So I needed an inflation proof investment that paid 10% or more. As luck would have it, I had an 'in' that allowed me to invest nominal amounts ($25-50k) in commercial and industrial real estate. Rental income is pretty inflation proof in that you can increase rents to cover inflation. Industrial and commercial properties means that you do not have to be a landlord, that is done by property management companies. Smaller investments in multiple properties rather than a large investment in one property means you can average the income without worrying about one property being vacant for a period of time. This is nothing like relying on a couple of rental houses for your income.

    That strategy allowed me to pull the plug and it worked fine for several years. But then life took a turn and it was no longer feasible for me to continue in that way. Life has a habit of making changes that you never anticipated. That doesn't stop when you retire. That's also a reason why talking about SWRs makes me laugh. For example, suppose you are a married couple and you retire on your 4% SWR. After a few years, you divorce. What happens to your SWR? Answer, it is down the tubes. There are many things that can happen in life that you cannot predict and that can affect your finances. Where are they in SWR studies?

    In the last 26 years, I have never had to return to work but my income has varied and my means of deriving that income has varied as well. I've learned I cannot plan beyond a year financially. Just as I re-visit my budget each year, I re-visit my investment strategy. Some people have commented you can do a 4% SWR but maintain flexibility. That's a laugh. Either you are following a 4% rule OR you are flexible. You can't do both. The answer as far as I am concerned is forget the SWR and just realize you have to be flexible.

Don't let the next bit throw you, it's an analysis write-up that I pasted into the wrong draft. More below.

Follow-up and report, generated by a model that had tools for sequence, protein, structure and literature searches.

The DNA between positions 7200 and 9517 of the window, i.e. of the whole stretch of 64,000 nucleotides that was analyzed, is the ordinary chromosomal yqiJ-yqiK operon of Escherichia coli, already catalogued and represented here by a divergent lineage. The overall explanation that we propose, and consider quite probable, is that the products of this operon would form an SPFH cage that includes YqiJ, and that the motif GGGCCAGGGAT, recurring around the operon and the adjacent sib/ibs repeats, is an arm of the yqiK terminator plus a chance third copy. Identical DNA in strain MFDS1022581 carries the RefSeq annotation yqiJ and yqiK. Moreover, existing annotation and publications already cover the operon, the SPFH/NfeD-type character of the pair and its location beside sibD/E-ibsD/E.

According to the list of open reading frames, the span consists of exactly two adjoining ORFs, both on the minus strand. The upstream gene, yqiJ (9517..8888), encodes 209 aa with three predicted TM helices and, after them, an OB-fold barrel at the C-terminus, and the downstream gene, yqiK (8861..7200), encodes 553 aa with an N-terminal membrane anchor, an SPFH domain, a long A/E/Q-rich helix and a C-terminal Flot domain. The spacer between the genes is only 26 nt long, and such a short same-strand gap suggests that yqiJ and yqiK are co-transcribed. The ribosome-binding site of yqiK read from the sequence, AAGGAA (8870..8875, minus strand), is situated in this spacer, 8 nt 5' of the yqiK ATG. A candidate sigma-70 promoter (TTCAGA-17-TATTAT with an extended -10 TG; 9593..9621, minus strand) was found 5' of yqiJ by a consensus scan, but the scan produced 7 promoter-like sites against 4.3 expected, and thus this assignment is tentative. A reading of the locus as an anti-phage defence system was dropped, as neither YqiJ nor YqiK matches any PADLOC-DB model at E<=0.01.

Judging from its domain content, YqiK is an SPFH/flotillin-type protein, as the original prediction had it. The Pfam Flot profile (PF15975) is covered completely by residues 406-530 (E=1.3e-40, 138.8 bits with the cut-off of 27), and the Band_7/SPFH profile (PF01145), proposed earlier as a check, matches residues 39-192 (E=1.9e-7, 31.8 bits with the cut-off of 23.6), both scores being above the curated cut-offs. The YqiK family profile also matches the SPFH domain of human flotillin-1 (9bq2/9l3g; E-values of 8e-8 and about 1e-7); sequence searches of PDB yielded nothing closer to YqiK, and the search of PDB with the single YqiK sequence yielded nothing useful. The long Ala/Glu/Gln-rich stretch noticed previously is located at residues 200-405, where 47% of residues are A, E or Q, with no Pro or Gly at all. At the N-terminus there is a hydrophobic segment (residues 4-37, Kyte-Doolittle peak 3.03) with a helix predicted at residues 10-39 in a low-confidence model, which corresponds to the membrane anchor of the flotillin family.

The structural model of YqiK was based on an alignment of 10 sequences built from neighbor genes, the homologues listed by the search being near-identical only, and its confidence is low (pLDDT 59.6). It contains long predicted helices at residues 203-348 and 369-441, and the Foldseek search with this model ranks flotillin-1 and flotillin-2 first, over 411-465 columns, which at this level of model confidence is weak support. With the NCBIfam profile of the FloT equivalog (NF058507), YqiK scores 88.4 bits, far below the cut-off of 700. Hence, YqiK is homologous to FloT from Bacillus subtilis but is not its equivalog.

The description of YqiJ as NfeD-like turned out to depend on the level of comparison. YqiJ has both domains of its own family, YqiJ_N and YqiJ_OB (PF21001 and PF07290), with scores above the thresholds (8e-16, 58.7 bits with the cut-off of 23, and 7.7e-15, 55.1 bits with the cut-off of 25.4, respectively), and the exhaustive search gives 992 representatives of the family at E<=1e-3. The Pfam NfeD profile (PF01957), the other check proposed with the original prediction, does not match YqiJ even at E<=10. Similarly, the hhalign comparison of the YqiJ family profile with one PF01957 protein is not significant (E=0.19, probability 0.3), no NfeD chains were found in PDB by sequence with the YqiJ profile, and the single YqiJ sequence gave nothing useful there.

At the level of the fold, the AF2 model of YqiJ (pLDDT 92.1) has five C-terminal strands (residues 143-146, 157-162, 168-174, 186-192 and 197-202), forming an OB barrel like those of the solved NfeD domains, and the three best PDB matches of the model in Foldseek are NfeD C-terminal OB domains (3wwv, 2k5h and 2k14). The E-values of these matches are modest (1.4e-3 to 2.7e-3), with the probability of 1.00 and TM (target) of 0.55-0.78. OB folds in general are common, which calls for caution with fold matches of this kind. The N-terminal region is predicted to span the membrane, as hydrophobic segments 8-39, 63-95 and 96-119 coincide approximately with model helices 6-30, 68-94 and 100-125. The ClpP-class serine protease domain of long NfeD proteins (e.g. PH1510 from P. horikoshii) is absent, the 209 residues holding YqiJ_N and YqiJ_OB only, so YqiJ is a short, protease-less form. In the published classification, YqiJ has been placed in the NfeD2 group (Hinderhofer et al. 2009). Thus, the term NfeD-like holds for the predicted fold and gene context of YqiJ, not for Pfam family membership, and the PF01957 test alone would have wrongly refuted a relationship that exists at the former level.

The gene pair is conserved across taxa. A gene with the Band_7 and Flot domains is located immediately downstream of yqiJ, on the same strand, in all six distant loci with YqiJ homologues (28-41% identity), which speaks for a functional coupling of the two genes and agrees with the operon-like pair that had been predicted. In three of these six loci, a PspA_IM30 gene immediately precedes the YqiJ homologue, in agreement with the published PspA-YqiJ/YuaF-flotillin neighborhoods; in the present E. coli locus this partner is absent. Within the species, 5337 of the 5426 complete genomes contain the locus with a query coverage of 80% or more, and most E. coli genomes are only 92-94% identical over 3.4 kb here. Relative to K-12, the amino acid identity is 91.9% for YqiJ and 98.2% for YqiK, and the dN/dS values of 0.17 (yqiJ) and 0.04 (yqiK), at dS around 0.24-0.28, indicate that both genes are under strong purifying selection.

If you want to know if you have enough to retire, the answer is that no one can answer that. What you can answer is if you will have enough income for the next year. Beyond that is crysal ball time. This is no different than when you are working for a living. Is there anyone who could not lose their job tomorrow? What then? If there is no guarantee in your working life, why would anyone think they can get a guarantee in retirement? Yet that is in fact what people are looking for when they want to believe in a SWR.
    Nothing wrong with spending capital. Also, you can find property managers for residential real estate as well.

    People are talking about low rates of return. What are these people investing in? TSX returned 20% last year and the US market has tripled since the collapse in '08. Back test the 4% for your portfolio and see if it worked out. I bet it would have.

    For those interested, here is Mr money mustaches take on it: http://www.mrmoneymustache.com/2012/...or-retirement/

  9. #28
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    Quote Originally Posted by AltaRed View Post
    IOW, income taxes are a 'spend' just like property taxes, food, etc.
    The problem is that income taxes are variable, they jump around as various income streams and forms of capital come in and out of play over time. Food, gas, property taxes stay constant.

  10. #29
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    Quote Originally Posted by steve41 View Post
    The problem is that income taxes are variable, they jump around as various income streams and forms of capital come in and out of play over time. Food, gas, property taxes stay constant.
    Getting it approximately right is all one can do. The government changes tax rates too. Is not much different with a number of consumables. Food and fuel cost vary widely depending on the value of the loonie for example. I just don't see where hand wringing over various income streams is any different.

  11. #30
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    Quote Originally Posted by AltaRed View Post
    The government changes tax rates too.
    Well, not exactly. When Paul Martin indexed the tax brackets, the tax rate (adjusted for inflation) has stayed pretty much the same.